I must admit, there is a part of me that is dreading you finding a verse in the Bible that unravels the Pastoral Concert. To me, like Edgar Wind , that work is perhaps the strongest link that shows Giorgione's fondness for the writings of Antiquity.

Part of the problem in that work however is the attribution to Giorgione in the first place! A lot of folks, including The Louvre, will always attribute it to Titian, and I don't possess the evidence to disagree with them!


Alexandra Korey said...

I think Dr. F's comment sums this up nicely: "You see, it is a fanciful theory just like all the others which attempt to squeeze the pieces of the Tempesta puzzle into a classical framework."

If there's one thing I learned while studying high renaissance iconography, it's that this society delighted in AMBIGUITY. It's a recurring theme in 16th century art theory. The Venetians, in particular, had a range of influences that they liked to incorporate in their work, and this should not and did not involve only classical sources.

So in my dissertation my conclusion for a number of prints of putti and, by extension, many works of the italian renaissance, was that the ambiguity is intentional in order to encourage dinner conversation (see Alberti's Intercenales). That's my story and i'm sticking to it ;-).

Unknown said...

I agree Alexandra!

I'm sure I said this above, but we have reports that Vendramin used to delight in having guests and visitor ponder the ambiguity of the painting. Even without something like the Castelfranco frieze, it is increasingly apparent that Giorgione seemed quiet fond of this multi factorial thematic approach.

Good on him I say, it makes looking at his work more fun!

Kind Regards

Dr. F said...


What you say about ambiguity is very interesting. I'd certainly like to know how it applies to depictions of "putti" a subject of which I know very little. Also, can you mention some works of intentional ambiguity?

I don't think that the Tempesta is one. It is true that Renaissance paintings could have many levels of meaning. In the Tempesta, for example, the city in the background could be literally Judea from where the Holy Family has fled. It could also be a metaphor for contemporary Padua which was under seige by the forces of the League of Cambrai. It could also have a moral or allegorical meaning as a place of danger from which the soul has fled.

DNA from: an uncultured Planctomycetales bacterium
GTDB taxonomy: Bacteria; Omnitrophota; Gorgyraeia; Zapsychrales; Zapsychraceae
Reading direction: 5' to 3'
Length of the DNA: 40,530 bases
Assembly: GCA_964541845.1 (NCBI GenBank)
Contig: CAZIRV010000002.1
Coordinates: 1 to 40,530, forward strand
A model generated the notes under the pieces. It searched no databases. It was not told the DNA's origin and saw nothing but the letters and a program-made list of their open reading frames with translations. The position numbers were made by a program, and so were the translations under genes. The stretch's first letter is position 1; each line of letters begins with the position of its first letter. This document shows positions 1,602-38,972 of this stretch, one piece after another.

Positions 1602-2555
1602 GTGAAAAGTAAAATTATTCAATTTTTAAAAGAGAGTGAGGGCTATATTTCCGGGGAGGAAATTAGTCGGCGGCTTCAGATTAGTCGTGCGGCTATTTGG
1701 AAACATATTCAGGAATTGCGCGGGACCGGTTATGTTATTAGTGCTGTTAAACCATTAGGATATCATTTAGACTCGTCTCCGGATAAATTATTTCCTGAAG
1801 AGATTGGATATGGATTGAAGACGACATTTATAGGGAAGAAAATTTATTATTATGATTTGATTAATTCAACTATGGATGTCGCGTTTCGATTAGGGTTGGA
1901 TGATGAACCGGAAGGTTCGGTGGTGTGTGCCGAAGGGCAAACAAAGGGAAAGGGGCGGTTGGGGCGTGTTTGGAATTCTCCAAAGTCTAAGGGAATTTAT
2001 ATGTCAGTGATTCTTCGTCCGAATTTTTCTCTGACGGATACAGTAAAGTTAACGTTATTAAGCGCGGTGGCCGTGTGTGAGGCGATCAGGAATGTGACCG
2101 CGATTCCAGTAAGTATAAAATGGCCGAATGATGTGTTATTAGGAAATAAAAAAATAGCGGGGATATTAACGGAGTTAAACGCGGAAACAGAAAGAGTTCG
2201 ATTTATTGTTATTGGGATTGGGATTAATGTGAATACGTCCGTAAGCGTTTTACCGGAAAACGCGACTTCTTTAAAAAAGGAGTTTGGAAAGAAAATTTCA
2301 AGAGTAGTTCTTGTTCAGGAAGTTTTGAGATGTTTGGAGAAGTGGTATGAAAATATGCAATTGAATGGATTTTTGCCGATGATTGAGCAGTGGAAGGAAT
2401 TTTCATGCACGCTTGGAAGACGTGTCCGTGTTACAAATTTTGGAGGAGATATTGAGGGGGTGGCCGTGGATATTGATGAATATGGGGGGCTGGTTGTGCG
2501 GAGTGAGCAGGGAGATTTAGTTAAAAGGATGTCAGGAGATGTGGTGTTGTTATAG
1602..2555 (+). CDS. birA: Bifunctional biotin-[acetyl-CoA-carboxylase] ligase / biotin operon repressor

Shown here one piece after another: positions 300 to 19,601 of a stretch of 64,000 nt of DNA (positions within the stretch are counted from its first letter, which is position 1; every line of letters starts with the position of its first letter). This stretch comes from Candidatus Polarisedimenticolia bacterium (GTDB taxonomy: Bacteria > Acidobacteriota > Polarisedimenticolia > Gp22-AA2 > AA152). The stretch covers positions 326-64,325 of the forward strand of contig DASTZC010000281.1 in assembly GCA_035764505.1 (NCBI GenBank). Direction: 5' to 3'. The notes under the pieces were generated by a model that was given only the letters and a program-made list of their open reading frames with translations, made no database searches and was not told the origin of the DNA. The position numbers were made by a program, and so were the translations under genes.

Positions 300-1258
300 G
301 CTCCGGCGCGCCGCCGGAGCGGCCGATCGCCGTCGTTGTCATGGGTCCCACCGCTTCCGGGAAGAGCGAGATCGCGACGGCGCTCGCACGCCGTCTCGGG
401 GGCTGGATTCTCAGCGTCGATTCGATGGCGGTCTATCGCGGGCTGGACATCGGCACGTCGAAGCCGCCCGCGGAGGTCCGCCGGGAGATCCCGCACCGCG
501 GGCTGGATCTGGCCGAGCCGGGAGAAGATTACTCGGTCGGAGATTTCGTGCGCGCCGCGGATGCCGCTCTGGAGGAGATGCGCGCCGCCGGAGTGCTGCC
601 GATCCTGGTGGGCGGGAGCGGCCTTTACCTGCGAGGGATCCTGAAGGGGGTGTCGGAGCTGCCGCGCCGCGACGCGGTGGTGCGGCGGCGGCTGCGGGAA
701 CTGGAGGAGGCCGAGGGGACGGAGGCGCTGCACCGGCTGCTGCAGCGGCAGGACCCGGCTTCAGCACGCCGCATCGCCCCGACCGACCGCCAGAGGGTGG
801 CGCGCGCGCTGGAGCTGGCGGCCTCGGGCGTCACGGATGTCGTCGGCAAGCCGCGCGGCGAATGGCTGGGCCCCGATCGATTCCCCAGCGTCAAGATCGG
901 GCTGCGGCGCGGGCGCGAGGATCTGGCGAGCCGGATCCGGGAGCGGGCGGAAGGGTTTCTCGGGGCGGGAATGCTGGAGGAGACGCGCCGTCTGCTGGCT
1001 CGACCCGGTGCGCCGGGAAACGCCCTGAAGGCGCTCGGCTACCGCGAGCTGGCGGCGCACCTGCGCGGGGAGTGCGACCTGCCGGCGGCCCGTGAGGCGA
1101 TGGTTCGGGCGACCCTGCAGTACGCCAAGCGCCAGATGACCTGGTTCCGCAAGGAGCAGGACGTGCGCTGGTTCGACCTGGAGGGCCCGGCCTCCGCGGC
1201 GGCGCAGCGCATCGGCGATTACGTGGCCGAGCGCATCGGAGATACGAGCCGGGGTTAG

I'm serious about the putti. Is there any way to read your paper?


Vendramin did have extremely high regard for his collection but I don't believe that he was the original patron of the painting. Tomorrow, I'll put a post on my blog that discusses Vendramin.


Alexandra Korey said...

Dear Frank
sorry for the delay in my response! I'm honoured that you're interested in my work on putti. Essentially what I found was that they were kind of like blank canvases used to carry meaning through association with other figures or actions. I studied 16th century prints in which putti were the only figures in order to try to get to the bottom of it. I am not sure I actually did ;-).

Here's a link to my dissertation info: http://tinyurl.com/378sfhb
If you have access to dissertation abstracts online you should be able to download the whole thing for free. Not that I would really recommend reading it, as it is awfully dissertationy in that way that grad students have to get out everything they know on one topic.

I have of course a pdf of the dissertation, as well as of an article published about some putti in a print by Nicoletto da Modena; the latter is much more legible I think, but less about ambiguity or multiple meanings than is another chapter on marcantonio raimondi that hasn't yet been published, only given in an oral paper. I can email you some stuff if you write me at info at arttrav dot com.

Best regards

Unknown said...

Thanks for that info Alexandra!

I personally love that 'dissertationy style' !!

For those that can't access the google books link above, you can see a (free) 10 page preview of Alexandra's dissertation here

Listing at ProQuest

Kind Regards

Anonymous said...

When I look at Giorgione's painting of The Tempest I am reminded of Socrates' explanation that love is the child of Resource (father) and Poverty (mother) -- "povera a nuda, vai Filosophia" (Petrarch). I don't know if this necessarily contradicts a Lucretian explanation, or if anyone else has mentioned it. --E.H.

Anonymous said...

The young soldier could allude to Socrates, about whom Ficino writes, that when he was young and doing his military service, he used to stand amazed and contemplate the sun every morning, and he called the celestial sun the second "son of God", who was a shadow of a greater, or "first son" of God that could be discerned only by the intellect. See Angela Voss, "Marsilio Ficino (Western Esoteric Masters)", pp. 221-22.

I do not know about the thunderstorm and the plants. Maybe need to read more Ficino. --Ellen